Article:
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Thread: A better bedding compound

  1. #1
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    Default A better bedding compound

    Dolfinite is no longer commercially available in Canada. I'm looking for an alternative which will allow me to remove the fittings (in this case a door lock) reasonably easily in the future if necessary. I use Sikka 291 for other applications but think it may be too adhesive for what I have in mind. All suggestions welcome.

  2. #2
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    Default Re: A better bedding compound

    butyl rubber from sika not sure of the number. remains soft indefinitely and non adhesive (relatively speaking)
    whatever rocks your boat

  3. #3
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    Default Re: A better bedding compound

    I plan to try 3M caulking strips made with Butyl, Kaolin and some other ingredients. It is supposed to seal, stay flexible and never dry out. It comes off pretty easily with mineral spirits. On another thread, the consensus seemed to be that the stuff works well, but because it doesn't skin over, can move from the place it is installed. I saw on the package label that it can be painted, so a little varnish might keep it in place. It is sticky, but only slightly adhesive.

    3M™ Strip Calk 08578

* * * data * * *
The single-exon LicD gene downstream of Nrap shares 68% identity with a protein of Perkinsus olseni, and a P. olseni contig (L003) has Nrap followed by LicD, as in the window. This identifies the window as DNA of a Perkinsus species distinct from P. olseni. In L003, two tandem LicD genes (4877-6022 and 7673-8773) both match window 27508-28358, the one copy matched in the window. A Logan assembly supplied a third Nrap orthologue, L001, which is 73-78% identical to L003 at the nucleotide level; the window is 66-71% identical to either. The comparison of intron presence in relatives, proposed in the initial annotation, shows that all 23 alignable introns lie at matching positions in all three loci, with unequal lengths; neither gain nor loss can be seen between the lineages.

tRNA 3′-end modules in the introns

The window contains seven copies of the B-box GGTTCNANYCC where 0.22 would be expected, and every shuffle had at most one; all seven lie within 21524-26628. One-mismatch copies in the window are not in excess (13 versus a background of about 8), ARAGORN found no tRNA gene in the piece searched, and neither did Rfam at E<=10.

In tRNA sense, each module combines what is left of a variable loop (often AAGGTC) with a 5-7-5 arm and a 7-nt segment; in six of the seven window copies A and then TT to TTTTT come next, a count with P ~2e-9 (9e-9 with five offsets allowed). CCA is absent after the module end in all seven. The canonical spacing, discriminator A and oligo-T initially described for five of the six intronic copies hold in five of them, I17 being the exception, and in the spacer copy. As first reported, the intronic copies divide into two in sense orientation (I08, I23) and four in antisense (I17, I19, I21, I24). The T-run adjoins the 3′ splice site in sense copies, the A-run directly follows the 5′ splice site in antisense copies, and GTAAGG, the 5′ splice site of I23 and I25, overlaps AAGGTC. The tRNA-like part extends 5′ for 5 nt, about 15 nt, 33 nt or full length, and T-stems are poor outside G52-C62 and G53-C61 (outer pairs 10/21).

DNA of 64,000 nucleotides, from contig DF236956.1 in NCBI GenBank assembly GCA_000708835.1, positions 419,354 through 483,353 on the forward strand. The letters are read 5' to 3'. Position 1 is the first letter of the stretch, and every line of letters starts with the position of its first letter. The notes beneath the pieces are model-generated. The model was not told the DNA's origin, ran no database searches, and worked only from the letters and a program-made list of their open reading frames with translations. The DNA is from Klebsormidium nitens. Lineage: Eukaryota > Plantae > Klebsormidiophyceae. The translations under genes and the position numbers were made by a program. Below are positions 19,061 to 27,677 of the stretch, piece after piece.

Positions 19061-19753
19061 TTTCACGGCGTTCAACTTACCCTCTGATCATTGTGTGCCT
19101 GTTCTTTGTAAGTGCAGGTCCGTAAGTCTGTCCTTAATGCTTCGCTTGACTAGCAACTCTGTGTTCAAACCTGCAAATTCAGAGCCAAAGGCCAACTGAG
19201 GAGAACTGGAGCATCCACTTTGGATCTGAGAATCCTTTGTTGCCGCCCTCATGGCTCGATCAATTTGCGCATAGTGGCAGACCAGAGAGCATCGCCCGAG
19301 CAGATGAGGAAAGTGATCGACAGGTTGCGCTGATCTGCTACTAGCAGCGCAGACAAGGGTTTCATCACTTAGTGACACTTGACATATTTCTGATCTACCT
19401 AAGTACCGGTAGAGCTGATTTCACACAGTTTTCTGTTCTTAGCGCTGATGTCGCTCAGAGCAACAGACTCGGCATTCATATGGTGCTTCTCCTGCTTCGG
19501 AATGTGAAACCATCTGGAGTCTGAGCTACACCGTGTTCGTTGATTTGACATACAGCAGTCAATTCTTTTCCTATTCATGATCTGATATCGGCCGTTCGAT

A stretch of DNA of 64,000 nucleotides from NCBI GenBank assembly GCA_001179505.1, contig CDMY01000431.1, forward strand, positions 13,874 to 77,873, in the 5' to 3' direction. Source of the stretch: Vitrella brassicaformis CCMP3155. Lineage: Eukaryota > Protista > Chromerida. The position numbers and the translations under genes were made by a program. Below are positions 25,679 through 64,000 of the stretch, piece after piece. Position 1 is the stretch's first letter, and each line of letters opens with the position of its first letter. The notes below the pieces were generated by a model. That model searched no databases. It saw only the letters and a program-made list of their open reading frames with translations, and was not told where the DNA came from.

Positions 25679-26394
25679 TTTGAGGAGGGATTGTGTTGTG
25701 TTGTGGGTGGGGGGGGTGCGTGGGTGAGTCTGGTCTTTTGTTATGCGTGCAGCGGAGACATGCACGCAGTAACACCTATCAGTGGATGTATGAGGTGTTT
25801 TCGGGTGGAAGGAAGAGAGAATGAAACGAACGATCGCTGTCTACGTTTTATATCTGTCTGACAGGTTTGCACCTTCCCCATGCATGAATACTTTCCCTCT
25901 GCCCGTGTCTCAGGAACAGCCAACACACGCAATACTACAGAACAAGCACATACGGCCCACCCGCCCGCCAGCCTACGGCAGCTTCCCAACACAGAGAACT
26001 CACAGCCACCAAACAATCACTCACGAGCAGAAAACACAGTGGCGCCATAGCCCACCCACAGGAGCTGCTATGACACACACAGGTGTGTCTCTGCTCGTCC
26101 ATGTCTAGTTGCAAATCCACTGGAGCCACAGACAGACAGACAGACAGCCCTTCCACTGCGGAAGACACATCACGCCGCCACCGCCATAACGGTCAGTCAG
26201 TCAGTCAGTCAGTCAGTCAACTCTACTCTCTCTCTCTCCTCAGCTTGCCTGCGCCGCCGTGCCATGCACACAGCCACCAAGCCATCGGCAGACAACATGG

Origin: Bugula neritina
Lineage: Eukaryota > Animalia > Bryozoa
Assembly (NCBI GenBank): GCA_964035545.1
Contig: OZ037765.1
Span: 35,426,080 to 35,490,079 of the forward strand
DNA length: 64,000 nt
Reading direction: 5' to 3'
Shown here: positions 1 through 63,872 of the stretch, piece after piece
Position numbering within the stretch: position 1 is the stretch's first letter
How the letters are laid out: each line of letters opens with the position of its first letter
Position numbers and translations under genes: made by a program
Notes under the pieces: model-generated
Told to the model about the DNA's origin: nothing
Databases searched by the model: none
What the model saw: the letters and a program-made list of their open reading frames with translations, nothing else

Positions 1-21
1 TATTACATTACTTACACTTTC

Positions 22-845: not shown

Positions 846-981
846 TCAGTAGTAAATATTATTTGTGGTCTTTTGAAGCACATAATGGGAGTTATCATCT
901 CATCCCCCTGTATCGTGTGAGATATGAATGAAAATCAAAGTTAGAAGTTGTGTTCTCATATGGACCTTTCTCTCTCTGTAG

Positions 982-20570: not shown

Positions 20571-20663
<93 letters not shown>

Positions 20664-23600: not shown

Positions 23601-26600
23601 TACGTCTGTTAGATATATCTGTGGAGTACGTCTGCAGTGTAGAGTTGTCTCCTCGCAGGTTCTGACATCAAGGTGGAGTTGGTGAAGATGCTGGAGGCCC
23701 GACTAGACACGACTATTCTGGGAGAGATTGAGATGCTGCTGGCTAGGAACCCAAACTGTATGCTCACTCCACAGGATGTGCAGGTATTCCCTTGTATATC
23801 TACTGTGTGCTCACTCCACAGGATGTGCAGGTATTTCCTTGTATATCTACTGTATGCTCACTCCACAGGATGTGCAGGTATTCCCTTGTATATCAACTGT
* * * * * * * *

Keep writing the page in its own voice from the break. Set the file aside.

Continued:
I have seen gray Butyl designated for use in the RV industry. The 3M product was at a auto parts store along with body repair stuff.

    here's a link to a prior thread on this topic:

    http://forum.woodenboat.com/archive/...t-130289.html?

  4. #4
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    Default Re: A better bedding compound

    Why do you need to bed a door lock?

  5. #5
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    Default Re: A better bedding compound

    Can you buy butyl rubber mastic in tubes in Canada?Non-hardening and a thinner film than using the tape.

  6. #6
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    Default Re: A better bedding compound

    For something like that if you do want to back the door lock with something why not just use a bit of nitrile rubber cut to shape? Something like .8mm or 1.5mm.
    Larks

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  7. #7
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    Default Re: A better bedding compound

    Is Interlux #214 Boatyard Bedding Compound available? It's similar to Dolfinite.

  8. #8
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    Default Re: A better bedding compound

    Go to RONA and buy a tube of Sika Construction Sealant. Not adhesive - get the Sealant. $7 a tube. Outstanding for that purpose. Let it dry for 2 or 3 days and you can trim it very easily with a sharp knife. Superb stuff.

    - Norm

  9. #9

    Default Re: A better bedding compound

    If you order Dolfinite online, you can get it shipped up from the US. I just went across the border and bought two quarts in the US and brought it back

  10. #10
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    Default Re: A better bedding compound

    The "marine" compounds are ridiculously priced for what they are.

    I use a commercial plumber's poly caulk like Vulkem for 3 bucks a tube and simply wax the hardware before bedding it. While the caulk is somewhat adhesive (although not as adhesive as 3M 4200), the wax acts as a release agent and the hardware pops right off when you need it to.